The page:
I started by working on my own small project 25 years ago. I had saved hard and bought an apartment in central London of which I owned the roof space. Once I could afford it, I added another floor and modernized the apartment, and it had the most fantastic view of the London skyline. Once finished, I decided to sell and do it all again, as I enjoyed it so much, and once the agents came and viewed the property, they were so impressed with the design, they asked who did it! The apartment changed the selling price of the road, and many people saw it and asked me to design theirs, from then I eventually opened my own design practice 20 years ago.
Where do you get your inspiration?
Mainly from nature. I look at the way light falls, textures mix, and on the ground and how shadows form shape and depth. I re-create this with lighting. I might see long grass blowing softly in the wind, and it will inspire me to use a soft silk rug or carpet. A beautiful natural fossil shape will encourage me to design a spiral staircase, and it really is all about what is outside and all around us every day.
Tell us about your current projects.
Right now I am designing a thirty thousand square foot house in London for a client. I am also working on the most prominent warship for the Royal Navy in their Officer’s Mess. These areas have only really been designed in a dull, bland way throughout time. I am on a mission to create something very special to raise morale and make them feel like they have gone somewhere really special in their time off. No one on board wants to feel like they are trapped in a utilitarian environment.
Have your talents taken you to New York City?
Yes, I designed a penthouse for a film director in NYC. However, I really would love to do more. London and NYC are on a par when it comes to the type of people who reside or stay there, so it feels a natural extension to be working there.
Who are some designers you admire and respect?
I have always been a real fan of the late David Collins, his Art Deco style is stunning, and I also love Lori Morris. She is one of my favorite designers; her style is very sexy with a balance of French classic and modern. Reymond Langton for yacht designing who is stylish and chic and likes pushing the boundaries.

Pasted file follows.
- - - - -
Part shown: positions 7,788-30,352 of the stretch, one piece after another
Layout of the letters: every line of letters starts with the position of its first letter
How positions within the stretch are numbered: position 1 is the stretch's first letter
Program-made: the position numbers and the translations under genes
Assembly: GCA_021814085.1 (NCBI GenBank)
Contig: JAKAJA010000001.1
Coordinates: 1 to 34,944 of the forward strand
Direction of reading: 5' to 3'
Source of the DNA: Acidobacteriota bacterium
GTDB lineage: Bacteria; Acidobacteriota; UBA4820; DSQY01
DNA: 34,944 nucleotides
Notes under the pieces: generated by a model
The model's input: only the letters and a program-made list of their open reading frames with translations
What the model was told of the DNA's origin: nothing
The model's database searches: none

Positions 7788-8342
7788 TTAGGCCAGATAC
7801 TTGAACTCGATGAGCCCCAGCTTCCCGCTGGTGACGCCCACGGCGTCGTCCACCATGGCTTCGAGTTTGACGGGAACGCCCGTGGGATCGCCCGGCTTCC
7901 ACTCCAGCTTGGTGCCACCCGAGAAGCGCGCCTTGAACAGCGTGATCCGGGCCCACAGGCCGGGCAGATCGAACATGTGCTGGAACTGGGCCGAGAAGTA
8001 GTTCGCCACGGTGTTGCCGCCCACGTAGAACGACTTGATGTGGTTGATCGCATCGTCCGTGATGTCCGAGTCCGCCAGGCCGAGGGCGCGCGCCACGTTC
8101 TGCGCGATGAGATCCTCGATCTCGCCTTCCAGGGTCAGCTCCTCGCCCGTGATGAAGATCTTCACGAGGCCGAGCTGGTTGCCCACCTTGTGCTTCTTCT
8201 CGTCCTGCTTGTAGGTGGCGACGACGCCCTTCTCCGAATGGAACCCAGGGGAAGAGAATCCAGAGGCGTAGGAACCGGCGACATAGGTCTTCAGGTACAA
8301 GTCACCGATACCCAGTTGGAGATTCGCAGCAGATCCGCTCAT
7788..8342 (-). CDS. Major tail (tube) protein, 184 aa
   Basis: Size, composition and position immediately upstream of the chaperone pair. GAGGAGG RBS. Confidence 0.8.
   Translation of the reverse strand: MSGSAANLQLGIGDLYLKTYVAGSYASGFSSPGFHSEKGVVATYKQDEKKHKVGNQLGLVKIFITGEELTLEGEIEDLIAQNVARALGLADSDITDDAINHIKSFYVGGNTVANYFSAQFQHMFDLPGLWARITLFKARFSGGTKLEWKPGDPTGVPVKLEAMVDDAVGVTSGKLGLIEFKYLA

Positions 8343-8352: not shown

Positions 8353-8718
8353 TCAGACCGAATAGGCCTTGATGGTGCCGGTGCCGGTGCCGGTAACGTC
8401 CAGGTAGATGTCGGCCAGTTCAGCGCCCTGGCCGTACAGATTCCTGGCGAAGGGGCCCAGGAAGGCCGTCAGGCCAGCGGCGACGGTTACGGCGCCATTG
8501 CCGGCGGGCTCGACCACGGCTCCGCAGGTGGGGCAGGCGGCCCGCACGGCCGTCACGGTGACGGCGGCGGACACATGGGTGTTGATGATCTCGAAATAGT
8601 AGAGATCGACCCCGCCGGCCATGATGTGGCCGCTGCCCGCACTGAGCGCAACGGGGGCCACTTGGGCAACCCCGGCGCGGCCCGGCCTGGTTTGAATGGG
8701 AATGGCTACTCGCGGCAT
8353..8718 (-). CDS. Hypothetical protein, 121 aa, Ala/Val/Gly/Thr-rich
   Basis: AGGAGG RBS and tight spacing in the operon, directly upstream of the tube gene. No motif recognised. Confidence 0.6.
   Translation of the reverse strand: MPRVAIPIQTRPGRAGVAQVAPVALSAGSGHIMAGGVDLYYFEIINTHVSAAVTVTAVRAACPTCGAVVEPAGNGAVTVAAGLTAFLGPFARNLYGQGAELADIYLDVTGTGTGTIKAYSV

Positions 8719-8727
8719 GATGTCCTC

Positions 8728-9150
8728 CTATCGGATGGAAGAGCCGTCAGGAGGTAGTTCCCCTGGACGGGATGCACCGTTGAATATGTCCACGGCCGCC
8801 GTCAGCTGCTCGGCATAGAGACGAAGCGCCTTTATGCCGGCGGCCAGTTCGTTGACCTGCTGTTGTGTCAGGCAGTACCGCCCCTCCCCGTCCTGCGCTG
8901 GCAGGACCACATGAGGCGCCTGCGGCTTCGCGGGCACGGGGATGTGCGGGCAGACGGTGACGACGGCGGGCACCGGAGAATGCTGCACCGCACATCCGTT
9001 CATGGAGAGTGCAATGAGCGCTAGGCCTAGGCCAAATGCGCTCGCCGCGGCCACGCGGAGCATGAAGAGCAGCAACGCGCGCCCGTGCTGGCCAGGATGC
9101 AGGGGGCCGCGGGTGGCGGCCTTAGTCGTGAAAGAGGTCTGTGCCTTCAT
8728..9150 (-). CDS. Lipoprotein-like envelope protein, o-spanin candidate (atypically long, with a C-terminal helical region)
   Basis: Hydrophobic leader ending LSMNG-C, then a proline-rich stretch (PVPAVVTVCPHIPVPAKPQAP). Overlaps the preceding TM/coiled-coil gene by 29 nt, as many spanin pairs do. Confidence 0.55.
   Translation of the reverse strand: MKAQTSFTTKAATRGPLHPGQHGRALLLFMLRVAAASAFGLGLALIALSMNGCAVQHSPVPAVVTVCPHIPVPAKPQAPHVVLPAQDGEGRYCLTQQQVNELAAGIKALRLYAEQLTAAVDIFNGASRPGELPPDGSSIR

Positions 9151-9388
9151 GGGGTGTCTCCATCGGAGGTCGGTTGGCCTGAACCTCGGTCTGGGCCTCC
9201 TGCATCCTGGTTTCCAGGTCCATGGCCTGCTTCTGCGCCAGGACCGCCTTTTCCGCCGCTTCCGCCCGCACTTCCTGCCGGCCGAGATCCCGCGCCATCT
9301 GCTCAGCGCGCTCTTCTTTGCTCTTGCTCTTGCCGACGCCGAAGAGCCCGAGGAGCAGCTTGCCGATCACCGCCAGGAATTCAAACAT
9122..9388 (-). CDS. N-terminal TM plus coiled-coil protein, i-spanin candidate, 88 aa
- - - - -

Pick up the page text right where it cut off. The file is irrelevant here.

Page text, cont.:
What’s your dream project?
I would love to design a very chic hotel. I am a sucker for a well-designed hotel and am continuously looking at how well they are designed when I stay in them, down to the bedding they use, the lighting and spatial planning.
What are your other passions?
I am in my 6th year on prime time National TV in a show called Four Rooms on UK Channel 4. In this presentation, I am the only woman of four dealers, who buy artifacts and collectibles from the public who come in with their goods. I enjoy this as sometimes I can find some fascinating and unique pieces for my clients’ collections. I also had my own prime-time TV show on BBC1, and BBC Worldwide called Your Home In Their Hands, where each week amateur designers took on homeowners in a design dilemma. The amateurs attempted to re-design some rooms in their homes. I must say that was challenging, as sometimes, the amateur designers ideas were somewhat bizarre and not all the homeowners were very happy!
What are you planning to accomplish in 2018?
My main aim, apart from keeping very busy with designing, is to collaborate with another designer in New York City, so that he/she can work on top projects in London and New York. Sometimes clients love to have an American designer in London, and I am hoping that the same happens in return with NYC wanting a British designer. It gives both parties an opportunity to expand across the pond!
For more information on Celia Sawyer, visit celiasawyer.com.